As I drive by the Anchorage Good Will, I notice a decent trail of cars waiting to drop off their donations. It seems like there has been an uptick in people wanting to donate their clothes and household goods lately. I’d wager that it has less to do with a heightened spirit of giving, and perhaps more to do with a growing cultural disgust with excess, flamed hotter by the likes of Marie Kondo and Joshua Becker.
How quickly the pendulum swings. Americans old enough to remember the Great Depression must be scratching their heads at us millennials. We have come to the monumental epiphany that less is more. With the frenzied enthusiasm of the “woke” culture, we are gutting our homes and closets and our jewelry boxes, in search of more simplicity, time, and peace. These aren’t bad aims. Not at all. But let’s not forget that years ago, many a family was starving for just “enough” to get through. And when the tides of the economy shifted back to normalcy after those deep lows, the seared memories of many Americans caused them to demand of themselves frugal saving, collecting and storing against the next big crash. These Depression-era survivors found satisfaction and stability in a well-stocked life and thoughtful provision for the future. They must have been whispering “never again” under their breaths.
But now, nine decades later, we are marching to a new drumbeat. We have so much excess that the seams are beginning to strain at the bulge. Many of us are overtired, overfed, over-marketed, shopped-out, over-drafted and out of spaces to put everything that we bought but don’t even really need. Something has to give. And so the pendulum swings. We begin to declutter and organize and live minimalist lives, releasing just enough pressure at the gasket to sigh at some level of relief.
But is less truly more? Or did our great-grandparents have it right, saving everything—pennies, twist-ties, and plastic grocery bags included? Where is life’s peace to be found? Is it in having less or having more? Now I’m furrowing my brow and scratching my right temple. I don’t think we are asking the right questions.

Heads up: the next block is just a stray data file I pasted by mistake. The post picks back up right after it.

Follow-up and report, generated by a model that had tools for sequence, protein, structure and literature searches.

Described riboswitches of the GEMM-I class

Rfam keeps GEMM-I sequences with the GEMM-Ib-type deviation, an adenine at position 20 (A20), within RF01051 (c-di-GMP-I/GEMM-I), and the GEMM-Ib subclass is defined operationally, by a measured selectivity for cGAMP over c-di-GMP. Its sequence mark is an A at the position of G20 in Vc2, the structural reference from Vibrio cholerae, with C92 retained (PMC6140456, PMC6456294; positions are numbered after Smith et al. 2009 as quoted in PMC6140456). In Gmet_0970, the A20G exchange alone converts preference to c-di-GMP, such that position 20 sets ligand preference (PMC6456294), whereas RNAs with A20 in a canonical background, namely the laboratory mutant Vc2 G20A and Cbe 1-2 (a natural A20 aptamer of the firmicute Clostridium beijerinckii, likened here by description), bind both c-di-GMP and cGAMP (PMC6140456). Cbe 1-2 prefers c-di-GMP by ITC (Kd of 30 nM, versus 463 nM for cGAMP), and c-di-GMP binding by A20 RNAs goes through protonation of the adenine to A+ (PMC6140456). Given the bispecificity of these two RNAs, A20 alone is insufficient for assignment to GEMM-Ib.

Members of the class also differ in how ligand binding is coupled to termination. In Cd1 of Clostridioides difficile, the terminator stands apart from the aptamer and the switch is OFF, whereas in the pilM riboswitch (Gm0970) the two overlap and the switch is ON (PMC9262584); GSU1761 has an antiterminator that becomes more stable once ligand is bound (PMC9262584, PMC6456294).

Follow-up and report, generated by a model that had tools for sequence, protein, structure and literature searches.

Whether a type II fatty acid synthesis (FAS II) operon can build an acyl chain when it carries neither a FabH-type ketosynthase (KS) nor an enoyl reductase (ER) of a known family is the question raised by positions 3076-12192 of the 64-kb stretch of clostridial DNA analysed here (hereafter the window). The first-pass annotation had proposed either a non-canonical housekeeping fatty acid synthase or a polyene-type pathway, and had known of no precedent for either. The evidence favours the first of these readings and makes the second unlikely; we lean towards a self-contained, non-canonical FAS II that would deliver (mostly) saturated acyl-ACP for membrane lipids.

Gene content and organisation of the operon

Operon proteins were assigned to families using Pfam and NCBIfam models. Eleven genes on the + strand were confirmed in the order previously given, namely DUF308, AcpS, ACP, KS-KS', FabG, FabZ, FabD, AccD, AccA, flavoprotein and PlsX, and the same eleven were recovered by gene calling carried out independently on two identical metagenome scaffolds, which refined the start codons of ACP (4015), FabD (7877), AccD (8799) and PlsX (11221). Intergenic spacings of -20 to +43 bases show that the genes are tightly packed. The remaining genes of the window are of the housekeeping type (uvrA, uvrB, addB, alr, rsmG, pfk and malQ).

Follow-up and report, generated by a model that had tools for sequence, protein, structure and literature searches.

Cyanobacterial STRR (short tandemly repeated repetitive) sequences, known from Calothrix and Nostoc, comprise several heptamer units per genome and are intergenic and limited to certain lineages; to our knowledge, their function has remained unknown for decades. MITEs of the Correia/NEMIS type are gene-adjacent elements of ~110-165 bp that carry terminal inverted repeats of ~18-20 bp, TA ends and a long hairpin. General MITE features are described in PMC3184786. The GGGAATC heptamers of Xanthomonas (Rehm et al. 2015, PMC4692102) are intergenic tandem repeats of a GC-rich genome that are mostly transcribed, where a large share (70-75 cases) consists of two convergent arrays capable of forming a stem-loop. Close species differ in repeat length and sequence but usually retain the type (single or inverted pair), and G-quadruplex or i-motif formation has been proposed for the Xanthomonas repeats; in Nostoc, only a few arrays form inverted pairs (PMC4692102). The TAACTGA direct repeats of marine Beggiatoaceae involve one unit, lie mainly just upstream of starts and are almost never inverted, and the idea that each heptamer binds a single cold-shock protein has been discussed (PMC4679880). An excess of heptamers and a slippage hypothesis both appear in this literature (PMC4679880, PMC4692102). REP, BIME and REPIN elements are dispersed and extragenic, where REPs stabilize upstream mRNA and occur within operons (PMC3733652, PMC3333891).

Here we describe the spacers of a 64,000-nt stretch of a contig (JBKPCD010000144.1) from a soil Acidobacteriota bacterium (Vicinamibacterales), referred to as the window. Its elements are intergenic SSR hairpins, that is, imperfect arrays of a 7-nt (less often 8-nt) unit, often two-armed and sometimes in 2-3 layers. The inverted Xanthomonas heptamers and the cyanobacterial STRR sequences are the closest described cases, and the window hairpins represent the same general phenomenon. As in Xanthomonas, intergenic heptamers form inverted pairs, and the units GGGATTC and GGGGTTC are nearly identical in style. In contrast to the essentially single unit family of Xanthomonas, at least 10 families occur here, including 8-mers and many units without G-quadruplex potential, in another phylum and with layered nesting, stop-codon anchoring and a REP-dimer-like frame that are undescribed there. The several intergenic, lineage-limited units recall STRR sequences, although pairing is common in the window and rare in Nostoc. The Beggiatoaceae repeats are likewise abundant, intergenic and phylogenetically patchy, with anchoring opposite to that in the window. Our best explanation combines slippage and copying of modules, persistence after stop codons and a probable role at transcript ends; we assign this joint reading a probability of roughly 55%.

Almost 2,000 years ago, the wisest man said, “Watch out! Be on your guard against all kinds of greed; life does not consist in an abundance of possessions.” He didn’t condemn stuff- he cautioned against greed. He didn’t condemn having possessions, Jesus just plainly taught that a persons’ life is not defined, or measured, or even summed up by how much wealth they have. Frankly, he went further. Life isn’t found in stuff at all. It doesn’t consist there. You can’t take it with you when you go. True life is found somewhere else entirely. Put bluntly, it’s found in someone else. Someone should have told King Tut.
Yep, plain and simple. It’s possible to be the most technologically advanced, decked-out and wealthiest bankrupt people on all the earth.
I’d also venture that you can have the most minimal of minimalist lives, and be equally destitute of peace. Your life can be crisp and clean and low-maintenance. It can be perfectly ordered and manageable and easy on the eyes. But even then, with all of its starch and simplicity, it can be devoid of true life- of true peace.
As Jesus so wisely conveyed, life is not about stuff. It’s not about more or less. It’s not about whether or not you caved and bought the latest iPhone or car, or handbag. True life is in Christ. Period. He said it. “I am the way, the truth, and the life…”
So perhaps we can dispense with the guilt and the confusion about where true, lasting peace and satisfaction really come from. Let’s not get so entangled with how many sweaters we have or don’t have, or how many boxes we got rid of or accumulated- seeking those marginal efforts of our own to bare any real, lasting fruit. If you want to declutter- great! If you want a well-furnished home- great! Now, let’s get this conversation started with the real stuff of life.
Do you have Him?